• In the case of Gorringe v Calderdale MBC 2004 1 WLR 1057, a local authority was held not liable for a breach of duty under the Highways Act 1980 in respect of road markings and warnings.

Facts of the Case

  • Gorringe (G) appealed against a decision that the local authority did not have a duty to place road markings or to erect signs warning motorists to slow down on a particular stretch or road.
  • G was seriously injured in an accident which had occurred on the crest of a hill where no markings or signs warned of the road dangers.
  • Previously, the word ‘slow’ had been marked on the road but this was no longer visible at the time of the accident.
  • G, whilst driving within the correct speed limit, collided with a bus.
  • G claimed that the local authority had caused the accident by failing to give drivers proper warning of the dangers on the stretch of road.

Issues in Gorringe v Calderdale MBC 2004 1 WLR 1057

  • Did the local authority fail to maintain the road according to the Highways Act 1980 s.41
  • Is there a duty of care at common law under the Road Traffic Act 1988 s.39.

Held by House of Lords

  • Appeal dismissed.

Lord Hoffman

  • It was discussed that the provision of road sings or markings is quite different from keeping the highway in repair.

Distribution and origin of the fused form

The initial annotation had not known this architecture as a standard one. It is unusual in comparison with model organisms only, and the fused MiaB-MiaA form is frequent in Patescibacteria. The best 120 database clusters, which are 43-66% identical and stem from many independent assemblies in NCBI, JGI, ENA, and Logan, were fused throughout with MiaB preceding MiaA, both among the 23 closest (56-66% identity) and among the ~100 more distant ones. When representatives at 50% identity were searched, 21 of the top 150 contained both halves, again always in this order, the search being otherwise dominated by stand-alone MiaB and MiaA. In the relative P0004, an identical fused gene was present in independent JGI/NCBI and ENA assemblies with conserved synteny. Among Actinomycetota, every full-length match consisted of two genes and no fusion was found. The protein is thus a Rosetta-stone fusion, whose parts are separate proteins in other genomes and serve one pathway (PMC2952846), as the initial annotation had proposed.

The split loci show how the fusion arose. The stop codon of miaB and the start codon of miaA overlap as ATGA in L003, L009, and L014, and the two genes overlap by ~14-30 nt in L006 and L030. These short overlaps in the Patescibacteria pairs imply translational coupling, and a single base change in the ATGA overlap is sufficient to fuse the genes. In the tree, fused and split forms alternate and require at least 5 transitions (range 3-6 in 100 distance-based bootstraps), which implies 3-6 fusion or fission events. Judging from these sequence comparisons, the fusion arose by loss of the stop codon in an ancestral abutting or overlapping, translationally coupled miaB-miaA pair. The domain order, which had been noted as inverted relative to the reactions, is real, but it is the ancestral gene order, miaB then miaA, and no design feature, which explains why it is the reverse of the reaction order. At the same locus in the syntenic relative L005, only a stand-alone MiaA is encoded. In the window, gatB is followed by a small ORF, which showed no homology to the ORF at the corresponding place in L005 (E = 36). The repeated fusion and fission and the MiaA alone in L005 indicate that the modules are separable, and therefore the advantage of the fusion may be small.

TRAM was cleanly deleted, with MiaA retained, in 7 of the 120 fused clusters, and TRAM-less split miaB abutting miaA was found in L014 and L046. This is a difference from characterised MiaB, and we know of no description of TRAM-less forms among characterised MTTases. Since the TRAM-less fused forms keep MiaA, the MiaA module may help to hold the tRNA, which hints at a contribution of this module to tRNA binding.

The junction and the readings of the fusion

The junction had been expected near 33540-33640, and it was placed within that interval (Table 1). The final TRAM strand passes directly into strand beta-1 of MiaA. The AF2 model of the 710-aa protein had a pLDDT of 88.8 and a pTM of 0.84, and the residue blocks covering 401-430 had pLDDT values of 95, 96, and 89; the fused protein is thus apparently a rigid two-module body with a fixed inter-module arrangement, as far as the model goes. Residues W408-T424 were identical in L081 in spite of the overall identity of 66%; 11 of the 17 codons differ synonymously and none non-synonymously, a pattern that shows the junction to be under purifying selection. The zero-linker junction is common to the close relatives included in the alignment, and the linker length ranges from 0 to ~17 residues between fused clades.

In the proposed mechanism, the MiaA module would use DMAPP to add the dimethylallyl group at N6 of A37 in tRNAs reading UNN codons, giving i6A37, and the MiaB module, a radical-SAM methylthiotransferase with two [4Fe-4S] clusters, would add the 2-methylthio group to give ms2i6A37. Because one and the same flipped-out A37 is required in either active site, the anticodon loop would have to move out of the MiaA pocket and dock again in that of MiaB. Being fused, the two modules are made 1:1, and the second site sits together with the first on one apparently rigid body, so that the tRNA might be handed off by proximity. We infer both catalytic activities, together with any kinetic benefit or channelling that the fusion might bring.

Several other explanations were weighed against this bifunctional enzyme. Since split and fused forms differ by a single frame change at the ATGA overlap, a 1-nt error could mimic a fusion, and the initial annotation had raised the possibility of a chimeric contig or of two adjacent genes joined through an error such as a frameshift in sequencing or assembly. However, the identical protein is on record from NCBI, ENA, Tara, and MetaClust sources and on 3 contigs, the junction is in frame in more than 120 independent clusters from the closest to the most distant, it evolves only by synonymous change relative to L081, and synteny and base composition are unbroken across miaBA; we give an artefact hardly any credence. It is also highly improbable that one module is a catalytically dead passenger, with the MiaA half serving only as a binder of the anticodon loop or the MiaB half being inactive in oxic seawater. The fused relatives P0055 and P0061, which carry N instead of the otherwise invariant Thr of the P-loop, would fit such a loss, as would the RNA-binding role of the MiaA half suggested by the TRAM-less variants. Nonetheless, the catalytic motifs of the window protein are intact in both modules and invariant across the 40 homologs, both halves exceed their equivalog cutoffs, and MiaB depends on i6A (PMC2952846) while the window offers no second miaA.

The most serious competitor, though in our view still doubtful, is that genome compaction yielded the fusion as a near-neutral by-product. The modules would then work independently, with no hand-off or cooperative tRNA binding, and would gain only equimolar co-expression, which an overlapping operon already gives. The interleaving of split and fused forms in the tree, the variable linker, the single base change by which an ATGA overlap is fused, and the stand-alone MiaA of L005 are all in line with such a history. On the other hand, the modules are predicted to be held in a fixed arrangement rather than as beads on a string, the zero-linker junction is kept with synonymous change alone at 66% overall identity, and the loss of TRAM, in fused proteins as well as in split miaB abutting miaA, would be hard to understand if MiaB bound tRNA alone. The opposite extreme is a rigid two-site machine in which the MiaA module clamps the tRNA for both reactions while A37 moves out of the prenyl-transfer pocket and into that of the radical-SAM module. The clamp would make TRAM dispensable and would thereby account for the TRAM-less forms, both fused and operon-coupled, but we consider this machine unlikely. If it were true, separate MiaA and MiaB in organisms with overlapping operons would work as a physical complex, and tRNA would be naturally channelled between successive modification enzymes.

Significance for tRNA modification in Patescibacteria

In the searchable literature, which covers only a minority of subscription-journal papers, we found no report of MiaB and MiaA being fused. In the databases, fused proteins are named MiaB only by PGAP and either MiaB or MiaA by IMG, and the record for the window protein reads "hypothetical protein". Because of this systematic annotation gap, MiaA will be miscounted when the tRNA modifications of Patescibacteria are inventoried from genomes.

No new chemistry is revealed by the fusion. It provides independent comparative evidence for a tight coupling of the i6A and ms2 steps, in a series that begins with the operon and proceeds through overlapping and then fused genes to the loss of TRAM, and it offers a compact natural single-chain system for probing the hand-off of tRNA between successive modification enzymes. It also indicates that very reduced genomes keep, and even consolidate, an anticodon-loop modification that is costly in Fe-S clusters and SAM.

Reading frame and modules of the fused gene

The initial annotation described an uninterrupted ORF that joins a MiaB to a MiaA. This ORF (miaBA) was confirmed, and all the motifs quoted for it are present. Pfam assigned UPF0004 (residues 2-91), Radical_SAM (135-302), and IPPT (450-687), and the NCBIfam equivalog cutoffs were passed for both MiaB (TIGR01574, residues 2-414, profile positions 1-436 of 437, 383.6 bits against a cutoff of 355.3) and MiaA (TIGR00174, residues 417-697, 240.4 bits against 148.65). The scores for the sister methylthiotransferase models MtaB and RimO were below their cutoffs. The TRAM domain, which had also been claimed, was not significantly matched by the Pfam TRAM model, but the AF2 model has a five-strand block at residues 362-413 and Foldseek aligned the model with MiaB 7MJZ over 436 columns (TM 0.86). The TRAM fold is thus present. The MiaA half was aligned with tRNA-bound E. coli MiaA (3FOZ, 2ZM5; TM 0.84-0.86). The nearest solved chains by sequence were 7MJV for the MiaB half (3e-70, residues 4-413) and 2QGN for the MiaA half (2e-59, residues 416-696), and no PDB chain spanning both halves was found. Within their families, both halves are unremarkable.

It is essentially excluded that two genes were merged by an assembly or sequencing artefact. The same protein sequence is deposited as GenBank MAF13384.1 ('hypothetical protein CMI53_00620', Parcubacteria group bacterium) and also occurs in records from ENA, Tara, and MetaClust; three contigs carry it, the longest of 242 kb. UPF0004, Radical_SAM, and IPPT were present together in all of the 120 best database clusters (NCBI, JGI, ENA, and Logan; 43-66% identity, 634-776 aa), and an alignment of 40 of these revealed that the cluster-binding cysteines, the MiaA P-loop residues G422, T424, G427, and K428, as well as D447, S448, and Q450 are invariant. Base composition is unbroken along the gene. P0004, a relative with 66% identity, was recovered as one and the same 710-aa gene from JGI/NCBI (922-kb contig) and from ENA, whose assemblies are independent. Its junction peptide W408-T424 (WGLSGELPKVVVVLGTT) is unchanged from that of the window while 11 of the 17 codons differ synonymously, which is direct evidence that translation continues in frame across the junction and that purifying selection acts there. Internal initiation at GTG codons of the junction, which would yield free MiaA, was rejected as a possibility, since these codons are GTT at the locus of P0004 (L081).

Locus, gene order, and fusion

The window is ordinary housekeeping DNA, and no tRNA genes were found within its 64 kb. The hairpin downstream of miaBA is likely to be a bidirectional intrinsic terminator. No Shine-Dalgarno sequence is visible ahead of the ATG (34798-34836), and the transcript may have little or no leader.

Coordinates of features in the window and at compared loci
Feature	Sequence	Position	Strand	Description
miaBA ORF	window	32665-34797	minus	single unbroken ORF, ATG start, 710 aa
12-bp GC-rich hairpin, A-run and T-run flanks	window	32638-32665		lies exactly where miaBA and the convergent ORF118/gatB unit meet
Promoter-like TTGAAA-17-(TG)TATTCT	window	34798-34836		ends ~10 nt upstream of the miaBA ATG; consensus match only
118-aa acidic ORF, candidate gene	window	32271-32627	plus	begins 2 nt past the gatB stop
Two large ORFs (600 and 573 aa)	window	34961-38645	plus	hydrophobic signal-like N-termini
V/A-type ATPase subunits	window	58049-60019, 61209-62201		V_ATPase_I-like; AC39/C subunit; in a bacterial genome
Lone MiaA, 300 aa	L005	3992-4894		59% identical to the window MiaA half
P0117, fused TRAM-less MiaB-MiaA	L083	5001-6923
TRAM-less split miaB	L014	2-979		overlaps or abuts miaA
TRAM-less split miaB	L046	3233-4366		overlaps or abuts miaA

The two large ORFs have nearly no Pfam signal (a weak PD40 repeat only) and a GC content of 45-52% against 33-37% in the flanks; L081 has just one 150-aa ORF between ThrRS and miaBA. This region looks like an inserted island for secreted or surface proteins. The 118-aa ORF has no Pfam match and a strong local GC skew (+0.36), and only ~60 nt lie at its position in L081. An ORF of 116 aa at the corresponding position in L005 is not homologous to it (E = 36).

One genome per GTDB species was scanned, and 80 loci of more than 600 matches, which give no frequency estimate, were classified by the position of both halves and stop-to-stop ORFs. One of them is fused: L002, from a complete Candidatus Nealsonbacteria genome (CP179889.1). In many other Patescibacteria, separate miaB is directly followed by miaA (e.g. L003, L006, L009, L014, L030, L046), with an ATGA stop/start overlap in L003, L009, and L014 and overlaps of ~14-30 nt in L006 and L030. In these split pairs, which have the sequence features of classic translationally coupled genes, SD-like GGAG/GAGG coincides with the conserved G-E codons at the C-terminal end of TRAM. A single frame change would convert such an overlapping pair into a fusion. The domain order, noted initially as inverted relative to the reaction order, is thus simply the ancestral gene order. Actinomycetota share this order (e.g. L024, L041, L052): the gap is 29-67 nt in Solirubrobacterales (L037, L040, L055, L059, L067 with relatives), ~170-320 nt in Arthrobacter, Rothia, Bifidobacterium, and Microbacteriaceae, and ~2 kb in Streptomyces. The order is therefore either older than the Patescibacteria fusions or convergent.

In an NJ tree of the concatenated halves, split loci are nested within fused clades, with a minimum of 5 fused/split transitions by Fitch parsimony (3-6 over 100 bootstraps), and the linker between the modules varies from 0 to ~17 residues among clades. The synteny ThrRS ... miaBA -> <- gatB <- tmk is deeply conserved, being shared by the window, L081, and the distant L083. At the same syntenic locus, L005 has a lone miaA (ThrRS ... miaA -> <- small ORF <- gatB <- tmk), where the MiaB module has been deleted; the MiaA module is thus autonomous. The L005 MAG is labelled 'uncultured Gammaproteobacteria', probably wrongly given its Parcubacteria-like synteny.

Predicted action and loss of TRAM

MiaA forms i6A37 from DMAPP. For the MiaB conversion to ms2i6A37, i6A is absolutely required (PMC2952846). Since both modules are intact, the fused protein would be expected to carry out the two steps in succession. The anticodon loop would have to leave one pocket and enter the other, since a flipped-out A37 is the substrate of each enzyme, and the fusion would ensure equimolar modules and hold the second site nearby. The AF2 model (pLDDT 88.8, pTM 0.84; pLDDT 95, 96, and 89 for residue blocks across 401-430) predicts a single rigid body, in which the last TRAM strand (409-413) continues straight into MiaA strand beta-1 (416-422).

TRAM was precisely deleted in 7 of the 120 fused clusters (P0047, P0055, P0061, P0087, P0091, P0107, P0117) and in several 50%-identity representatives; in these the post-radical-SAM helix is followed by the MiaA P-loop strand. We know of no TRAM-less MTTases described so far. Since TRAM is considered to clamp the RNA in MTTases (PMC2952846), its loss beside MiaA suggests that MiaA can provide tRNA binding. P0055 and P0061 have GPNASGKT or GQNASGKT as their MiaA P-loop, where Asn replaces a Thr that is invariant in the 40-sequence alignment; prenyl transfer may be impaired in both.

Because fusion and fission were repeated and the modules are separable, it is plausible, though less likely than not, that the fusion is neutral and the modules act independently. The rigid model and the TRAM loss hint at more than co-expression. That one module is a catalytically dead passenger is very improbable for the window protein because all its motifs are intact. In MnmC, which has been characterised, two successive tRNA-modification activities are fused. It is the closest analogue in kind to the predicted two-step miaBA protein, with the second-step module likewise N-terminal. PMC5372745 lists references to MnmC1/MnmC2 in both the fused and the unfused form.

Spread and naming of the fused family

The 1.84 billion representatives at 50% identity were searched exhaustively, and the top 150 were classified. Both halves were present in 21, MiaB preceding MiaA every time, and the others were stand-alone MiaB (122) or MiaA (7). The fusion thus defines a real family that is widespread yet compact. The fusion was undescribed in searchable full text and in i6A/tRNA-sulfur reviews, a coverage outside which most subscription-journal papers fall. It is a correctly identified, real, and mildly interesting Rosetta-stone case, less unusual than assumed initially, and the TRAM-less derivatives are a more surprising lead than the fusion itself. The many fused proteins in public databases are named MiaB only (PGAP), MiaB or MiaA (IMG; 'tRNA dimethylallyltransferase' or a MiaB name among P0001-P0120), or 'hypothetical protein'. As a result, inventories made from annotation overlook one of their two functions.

• G’s accident had not been caused by any defect in the road surface or by any breach of duty of the authority.
  • “I find it difficult to imagine a case in which a common law duty can be founded simply upon the failure (however irrational) to provide some benefit which a public authority has power (or a public law duty) to provide.” [32]
  • “Of course it is in the public interest that local authorities should take steps to promote road safety. And it would also be unwise for them to assume that all drivers will take reasonable care for their own safety or that of others. If a driver kills or injures someone else by ignoring an obvious danger, it is little consolation to the victim or his family that the other driver was wholly to blame. And even if the careless driver kills or injures only himself, the accident may have a wider impact upon his family, his economic relationships and the burden on the public services.” [35]